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Posts Tagged ‘Huntsville’

Burritt Mansion

Burritt Mansion

Descending from Monte Sano State Park, we stop at Burritt on the Mountain, where we tour the mansion of Dr. Burritt, an inventive and unusual doctor of homeopathic medicine, who married a patient, 20 years his senior. She reportedly told him that if he married her, he’d never have to work again.  Ask for the audio guide at the entrance to the mansion, they’re not always offered, but they’re free and add a lot of history to the self-guided tour. There’s also a small folk park, with homes and buildings depicting farm life in rural Alabama in the 19th century.  It was simultaneously being used as children’s nursery rhyme adventure when we were there, which was a bit jarring in terms of time travel – and noise and activity level. But some, like this drowsy pig, seemed not to mind. I’m referring to the picture.IMG_1728

Our destination for the night is Lake Guntersville State Park.  We hadn’t realized it when we’d made reservations, but they were hit by a devastating tornado in 2011.  The whole campground was pretty much ripped apart. It’s really sad, but a miracle that no one was killed. We’re grateful to have a campsite, no matter what, and even more grateful when we hear we can get a ride up to the lodge and restaurant for dinner!

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The maintenance man, our driver, takes us on a tour of the hotel/cabin facilities after dinner.  Amazingly, we still have energy for our first and only fire on this trip when we get back.  No hot dogs or s’mores yet on this trip yet – another first.  Brrrrrrrr.

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We’ve stayed at Monte Sano State Park before.  We get the same site (I look up an older blog post where I was pretty intrigued with the peeper frogs here at our site, #19).  But it’s so coooold here (we’ve run our heater every night on this southern spring trip) we don’t get the big symphonic chorus again.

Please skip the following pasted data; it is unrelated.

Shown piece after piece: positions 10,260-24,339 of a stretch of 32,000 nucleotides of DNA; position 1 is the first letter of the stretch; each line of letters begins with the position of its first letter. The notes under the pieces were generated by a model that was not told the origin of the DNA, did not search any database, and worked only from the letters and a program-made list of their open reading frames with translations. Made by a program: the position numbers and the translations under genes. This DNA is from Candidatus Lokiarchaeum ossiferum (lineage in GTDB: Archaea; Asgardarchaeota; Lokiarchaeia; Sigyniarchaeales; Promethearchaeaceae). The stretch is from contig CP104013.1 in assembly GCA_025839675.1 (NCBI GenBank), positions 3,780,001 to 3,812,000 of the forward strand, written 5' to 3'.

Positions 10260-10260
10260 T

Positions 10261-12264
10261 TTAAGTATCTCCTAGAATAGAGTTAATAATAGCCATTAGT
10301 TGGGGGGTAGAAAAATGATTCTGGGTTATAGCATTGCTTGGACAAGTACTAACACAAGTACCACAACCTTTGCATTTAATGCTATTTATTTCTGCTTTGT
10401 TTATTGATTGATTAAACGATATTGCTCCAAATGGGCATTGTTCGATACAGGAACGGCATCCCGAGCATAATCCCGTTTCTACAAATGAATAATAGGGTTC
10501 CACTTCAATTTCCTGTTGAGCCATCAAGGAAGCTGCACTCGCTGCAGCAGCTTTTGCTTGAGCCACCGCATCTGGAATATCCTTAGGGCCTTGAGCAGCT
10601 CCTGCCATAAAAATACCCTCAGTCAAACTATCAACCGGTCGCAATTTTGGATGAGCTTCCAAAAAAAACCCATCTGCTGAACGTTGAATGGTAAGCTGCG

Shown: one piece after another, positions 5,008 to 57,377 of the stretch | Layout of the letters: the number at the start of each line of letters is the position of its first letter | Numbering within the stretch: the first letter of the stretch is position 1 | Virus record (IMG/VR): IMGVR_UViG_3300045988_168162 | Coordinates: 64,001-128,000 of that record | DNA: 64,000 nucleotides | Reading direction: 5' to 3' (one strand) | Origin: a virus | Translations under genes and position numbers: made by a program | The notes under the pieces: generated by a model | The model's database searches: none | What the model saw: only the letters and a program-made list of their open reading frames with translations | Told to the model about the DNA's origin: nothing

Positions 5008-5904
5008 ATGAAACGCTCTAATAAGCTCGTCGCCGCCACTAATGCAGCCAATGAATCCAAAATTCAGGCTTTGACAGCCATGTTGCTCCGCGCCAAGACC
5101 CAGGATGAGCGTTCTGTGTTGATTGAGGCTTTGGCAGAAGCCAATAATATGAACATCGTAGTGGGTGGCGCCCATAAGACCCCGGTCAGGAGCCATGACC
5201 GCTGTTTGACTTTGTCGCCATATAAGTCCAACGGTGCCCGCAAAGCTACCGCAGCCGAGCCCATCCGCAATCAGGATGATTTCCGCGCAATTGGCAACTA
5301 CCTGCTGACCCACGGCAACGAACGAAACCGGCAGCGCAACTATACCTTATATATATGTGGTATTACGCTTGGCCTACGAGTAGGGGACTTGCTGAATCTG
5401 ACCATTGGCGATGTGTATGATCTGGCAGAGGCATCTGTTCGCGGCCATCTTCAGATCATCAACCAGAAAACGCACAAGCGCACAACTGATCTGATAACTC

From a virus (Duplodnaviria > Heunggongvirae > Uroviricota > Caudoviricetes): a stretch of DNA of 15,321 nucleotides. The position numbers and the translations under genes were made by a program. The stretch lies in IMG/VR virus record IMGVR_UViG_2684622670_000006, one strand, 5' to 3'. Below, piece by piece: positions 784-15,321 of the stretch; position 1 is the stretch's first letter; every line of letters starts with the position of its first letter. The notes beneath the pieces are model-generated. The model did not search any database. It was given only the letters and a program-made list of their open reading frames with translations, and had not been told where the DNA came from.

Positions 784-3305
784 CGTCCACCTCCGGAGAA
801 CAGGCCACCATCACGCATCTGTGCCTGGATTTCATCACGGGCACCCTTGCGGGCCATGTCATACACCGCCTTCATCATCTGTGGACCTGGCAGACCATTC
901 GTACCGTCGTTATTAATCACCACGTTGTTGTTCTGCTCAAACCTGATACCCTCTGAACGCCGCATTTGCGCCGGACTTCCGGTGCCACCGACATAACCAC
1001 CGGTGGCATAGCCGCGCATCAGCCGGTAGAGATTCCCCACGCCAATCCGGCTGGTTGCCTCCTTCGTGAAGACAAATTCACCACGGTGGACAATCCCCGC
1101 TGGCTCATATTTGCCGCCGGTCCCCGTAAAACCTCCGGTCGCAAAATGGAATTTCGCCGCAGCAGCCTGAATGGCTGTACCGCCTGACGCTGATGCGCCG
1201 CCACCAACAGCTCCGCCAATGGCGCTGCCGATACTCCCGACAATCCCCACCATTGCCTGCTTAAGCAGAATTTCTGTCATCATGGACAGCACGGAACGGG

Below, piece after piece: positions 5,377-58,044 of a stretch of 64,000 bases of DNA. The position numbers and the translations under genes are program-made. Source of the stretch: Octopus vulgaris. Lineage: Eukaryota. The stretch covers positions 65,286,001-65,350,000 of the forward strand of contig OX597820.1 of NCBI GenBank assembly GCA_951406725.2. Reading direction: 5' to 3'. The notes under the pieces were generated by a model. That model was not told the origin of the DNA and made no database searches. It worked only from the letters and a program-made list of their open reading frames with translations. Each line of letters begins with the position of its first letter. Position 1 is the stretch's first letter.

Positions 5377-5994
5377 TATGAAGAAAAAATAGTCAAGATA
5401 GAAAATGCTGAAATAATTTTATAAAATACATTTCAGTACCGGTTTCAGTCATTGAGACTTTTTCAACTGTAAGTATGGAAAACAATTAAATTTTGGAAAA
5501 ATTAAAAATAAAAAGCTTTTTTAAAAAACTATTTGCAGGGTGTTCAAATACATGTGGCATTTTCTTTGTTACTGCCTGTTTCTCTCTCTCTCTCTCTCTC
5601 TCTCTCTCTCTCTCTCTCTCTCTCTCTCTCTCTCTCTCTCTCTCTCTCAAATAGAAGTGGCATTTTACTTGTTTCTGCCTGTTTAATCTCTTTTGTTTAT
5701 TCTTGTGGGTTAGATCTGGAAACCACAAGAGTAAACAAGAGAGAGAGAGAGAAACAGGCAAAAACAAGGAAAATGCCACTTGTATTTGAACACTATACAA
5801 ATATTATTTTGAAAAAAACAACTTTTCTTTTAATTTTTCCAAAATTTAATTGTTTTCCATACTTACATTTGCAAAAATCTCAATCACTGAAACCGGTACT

Alabama Constitution Village

Alabama Constitution Village

But we do have a really beautiful, almost warm day to tour the Alabama Constitution Village in downtown Huntsville the next day. It’s in a lovely area of historic homes, and the Navion slides nicely into a regular metered parking space right in front.  We’re glad of its nearness, as we slip back for additional coats and sweaters, and some cheese and crackers – which allows us to pay closer attention to the costumed interpreters. Everyone learns better when not hungry or cold.  Jaded living history museum visitors that we are, we enjoy it all and pick up a couple of new things.  We’ve never seen an “Ugly Jar” before – a jar/jug with an ugly face used to warn children, really anyone, that something bad was in there, like poison or alcohol. The other thing we’d never seen was a pair of andirons, shaped like snakes, which when a fire was lit in the fireplace would look really scary to children and keep them back from the fire, and being burned.

We got a combination ticket to the Depot Museum, where we tour briefly – they’re closing in half an hour, then sit in their scenic parking lot to use internet and plan the next few days, before heading back to our non-tech campsite.

Depot Museum

Depot Museum

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